Q: How many midwives does it take to change a light bulb?
A: Two. One to sit there and wait for the old bulb to fall out of the socket naturally with no intervention, and one to give emotional support.
Thursday, September 28, 2006
It has been reported (actually, he announced it on Larry King Live) that the father of Anna Nicole Smith's baby is none other than her lawyer, Howard K. Stern. Which, if nothing else, explains why he was spending the night in the Nassau hospital room with Smith and was there when her son passed away. I mean, I spend lots of postpartum time with my lawyer, but I happen to be married to him. Otherwise, that's a little freaky, don't you think?
I know that the first thought all you lawyers had was "Sex with a client? What jurisdiction is he licensed in?". Yah, admit it, you're a law geek too. Stern is licensed in California, which frowns upon attorney-client relationships but does not prohibit them.
And (because it's hard for me to blog about anything that can't be related to childbirth, breastfeeding, or midwifery) I will point out that Dr. Cyril Wecht, the infamous coroner who performed a second, private autopsy on Daniel Smith, was also in charge of the investigation into the childbirth death of Issac Daley and subsequent prosecution of Judy Wilson. Small world, I know. In that case, Dr. Wecht has opined (outside his area of expertise, something he seems to do often) that "laboring women are unable to think rationally and thereby make decisions about their own care."
Wednesday, September 20, 2006
Saturday, September 16, 2006
Last Thursday the German police arrested Katharina Plett, a homeschooling mother of twelve. Yesterday her husband fled to Austria with the children. Homeschooling is illegal in Germany since Hitler banned it in 1938. The Plett family belongs to a homeschooling group of seven Baptist families in Paderborn.
And homeschoolers in Belgium are experiencing a similar crackdown, thanks to the UN Convention on Children's Rights.
Links courtesty of Spunky, my new go-to gal for homeschooling legal stuff. She comments here and here.
Friday, September 15, 2006
Thursday, September 14, 2006
In a letter to the company sent today, the NYCLU sought a meeting with Toys "R" Us officials; an apology; appropriate compensation for Meyerson; and a written guarantee that Toys "R" Us would permit breastfeeding in its stores and would train its staff about the policy.
Galen Sherwin, Staff Attorney for the NYCLU Reproductive Rights Project, added: "This is about public health, not public morality."
Twelve years ago the NYCLU lobbied for and secured the passage of a law that specifically establishes the right of all New York mothers to breastfeed in public. That statute, a section of New York State's Civil Rights Law, provides that "a mother may breastfeed her baby in any location, public or private, where the mother is otherwise authorized to be."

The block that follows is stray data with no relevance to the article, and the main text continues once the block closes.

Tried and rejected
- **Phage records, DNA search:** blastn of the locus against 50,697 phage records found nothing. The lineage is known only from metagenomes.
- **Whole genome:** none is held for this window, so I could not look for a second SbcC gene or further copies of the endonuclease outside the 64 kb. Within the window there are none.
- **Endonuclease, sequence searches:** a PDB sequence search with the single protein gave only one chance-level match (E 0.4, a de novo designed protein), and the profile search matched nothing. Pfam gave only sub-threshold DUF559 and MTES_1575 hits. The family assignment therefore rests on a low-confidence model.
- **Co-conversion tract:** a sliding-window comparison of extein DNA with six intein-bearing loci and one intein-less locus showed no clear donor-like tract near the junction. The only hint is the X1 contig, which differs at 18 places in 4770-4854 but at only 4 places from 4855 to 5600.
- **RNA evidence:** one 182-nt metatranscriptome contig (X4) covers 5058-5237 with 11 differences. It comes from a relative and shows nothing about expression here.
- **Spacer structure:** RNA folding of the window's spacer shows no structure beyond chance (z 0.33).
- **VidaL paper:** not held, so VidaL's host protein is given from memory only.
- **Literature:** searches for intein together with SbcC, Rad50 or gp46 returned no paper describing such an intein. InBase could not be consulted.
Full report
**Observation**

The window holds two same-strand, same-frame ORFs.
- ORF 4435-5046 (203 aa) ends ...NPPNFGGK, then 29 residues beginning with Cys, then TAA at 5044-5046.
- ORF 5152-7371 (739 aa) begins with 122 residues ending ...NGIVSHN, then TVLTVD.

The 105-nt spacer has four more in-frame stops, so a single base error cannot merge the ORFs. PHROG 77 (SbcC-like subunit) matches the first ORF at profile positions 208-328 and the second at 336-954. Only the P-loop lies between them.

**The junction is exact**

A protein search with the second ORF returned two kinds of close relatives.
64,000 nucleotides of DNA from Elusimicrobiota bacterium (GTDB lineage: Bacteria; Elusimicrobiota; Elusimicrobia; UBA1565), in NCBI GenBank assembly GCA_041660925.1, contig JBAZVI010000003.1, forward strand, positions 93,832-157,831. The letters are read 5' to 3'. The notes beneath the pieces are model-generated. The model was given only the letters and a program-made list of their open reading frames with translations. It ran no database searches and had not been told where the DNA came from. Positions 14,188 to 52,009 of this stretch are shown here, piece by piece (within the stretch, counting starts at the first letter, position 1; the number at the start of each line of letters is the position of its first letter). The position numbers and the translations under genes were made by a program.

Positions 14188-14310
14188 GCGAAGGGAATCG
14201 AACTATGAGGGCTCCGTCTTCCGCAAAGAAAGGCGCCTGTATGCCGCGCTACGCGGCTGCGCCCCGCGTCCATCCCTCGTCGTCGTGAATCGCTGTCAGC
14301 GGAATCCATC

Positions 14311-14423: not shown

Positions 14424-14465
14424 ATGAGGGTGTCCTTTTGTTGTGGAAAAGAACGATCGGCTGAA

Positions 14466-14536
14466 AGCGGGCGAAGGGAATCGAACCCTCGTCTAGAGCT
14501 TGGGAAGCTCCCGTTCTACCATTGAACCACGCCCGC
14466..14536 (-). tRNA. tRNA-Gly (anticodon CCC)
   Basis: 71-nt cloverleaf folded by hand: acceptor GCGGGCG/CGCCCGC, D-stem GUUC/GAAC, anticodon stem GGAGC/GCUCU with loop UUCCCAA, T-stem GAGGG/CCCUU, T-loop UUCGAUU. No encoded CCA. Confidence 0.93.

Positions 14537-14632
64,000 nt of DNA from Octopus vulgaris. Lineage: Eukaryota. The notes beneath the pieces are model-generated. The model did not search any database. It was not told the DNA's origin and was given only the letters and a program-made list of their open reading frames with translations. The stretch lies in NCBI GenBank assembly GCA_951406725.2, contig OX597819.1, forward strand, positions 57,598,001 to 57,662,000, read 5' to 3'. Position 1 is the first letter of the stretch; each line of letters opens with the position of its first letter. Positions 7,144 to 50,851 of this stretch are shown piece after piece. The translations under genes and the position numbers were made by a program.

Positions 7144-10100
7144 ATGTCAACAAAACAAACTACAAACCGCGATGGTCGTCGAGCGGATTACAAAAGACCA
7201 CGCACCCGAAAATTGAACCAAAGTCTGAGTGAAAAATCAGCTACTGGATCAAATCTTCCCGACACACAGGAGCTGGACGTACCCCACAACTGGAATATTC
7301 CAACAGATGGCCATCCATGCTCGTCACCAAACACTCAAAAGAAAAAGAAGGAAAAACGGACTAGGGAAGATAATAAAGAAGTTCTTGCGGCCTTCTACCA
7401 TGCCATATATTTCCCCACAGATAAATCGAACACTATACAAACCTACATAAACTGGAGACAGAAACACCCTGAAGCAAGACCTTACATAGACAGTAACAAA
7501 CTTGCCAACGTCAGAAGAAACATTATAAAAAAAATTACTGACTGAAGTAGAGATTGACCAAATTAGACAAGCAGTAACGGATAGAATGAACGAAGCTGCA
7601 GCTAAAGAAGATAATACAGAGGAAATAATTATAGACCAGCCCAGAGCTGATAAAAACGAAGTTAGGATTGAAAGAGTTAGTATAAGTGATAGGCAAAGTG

"Prohibiting public breastfeeding is bad public health policy -- and it's also against the law," said Elisabeth Benjamin, NYCLU Reproductive Rights Project Director. "Health care providers and the law agree that families who choose to breastfeed their children should be able to do so whenever and wherever necessary."
But if I were Ms. Meyerson, I wouldn't hold my breath waiting for any "appropriate compensation".
Tuesday, September 12, 2006
Monday, September 11, 2006
Tuesday, September 05, 2006
link: Charges Rejected for Moms Who Bear Babies Exposed to Illegal Drugs
The New York Times ran a not-to-be-missed article, On the Job, Nursing Mothers Find a 2-Class System, which describes the obstacles some women face when pumping at work:
But as pressure to breast-feed increases, a two-class system is emerging for working mothers. For those with autonomy in their jobs — generally, well-paid professionals — breast-feeding, and the pumping it requires, is a matter of choice. It is usually an inconvenience, and it may be an embarrassing comedy of manners, involving leaky bottles tucked into briefcases and brown paper bags in the office refrigerator. But for lower-income mothers — including many who work in restaurants, factories, call centers and the military — pumping at work is close to impossible, causing many women to decline to breast-feed at all, and others to quit after a short time.
It is a particularly literal case of how well-being tends to beget further well-being, and disadvantage tends to create disadvantage — passed down in a mother’s milk, or lack thereof.
Nearly half of new mothers return to work within the first year of their child’s life. But federal law offers no protection to mothers who express milk on the job — despite the efforts of Representative Carolyn B. Maloney, Democrat of New York, who has introduced such legislation. “I can’t understand why this doesn’t move,” she said. “This is pro-family, pro-health, pro-economy.”
Meanwhile, states are stepping in. Twelve states have passed laws protecting pumping mothers — Oklahoma’s law, the newest, will take effect in November. But like Oklahoma’s, which merely states that an employer “may provide reasonable break time” and “may make a reasonable effort” to provide privacy, most are merely symbolic.
Public health authorities, alarmed at the gap between the breast-feeding haves and have-nots, are now trying to convince businesses that supporting the practice is a sound investment. “The Business Case for Breastfeeding,” an upcoming campaign by the Department of Health and Human Services, will emphasize recent findings that breast-feeding reduces absenteeism and pediatrician bills.
Saturday, September 02, 2006
Group Urges Disaster Planning for Pregnant Women, Babies
Missing New Orleans
Hurricane Rita was disappointing for those of us in drought-ridden North Texas who were hoping for rain, and got none.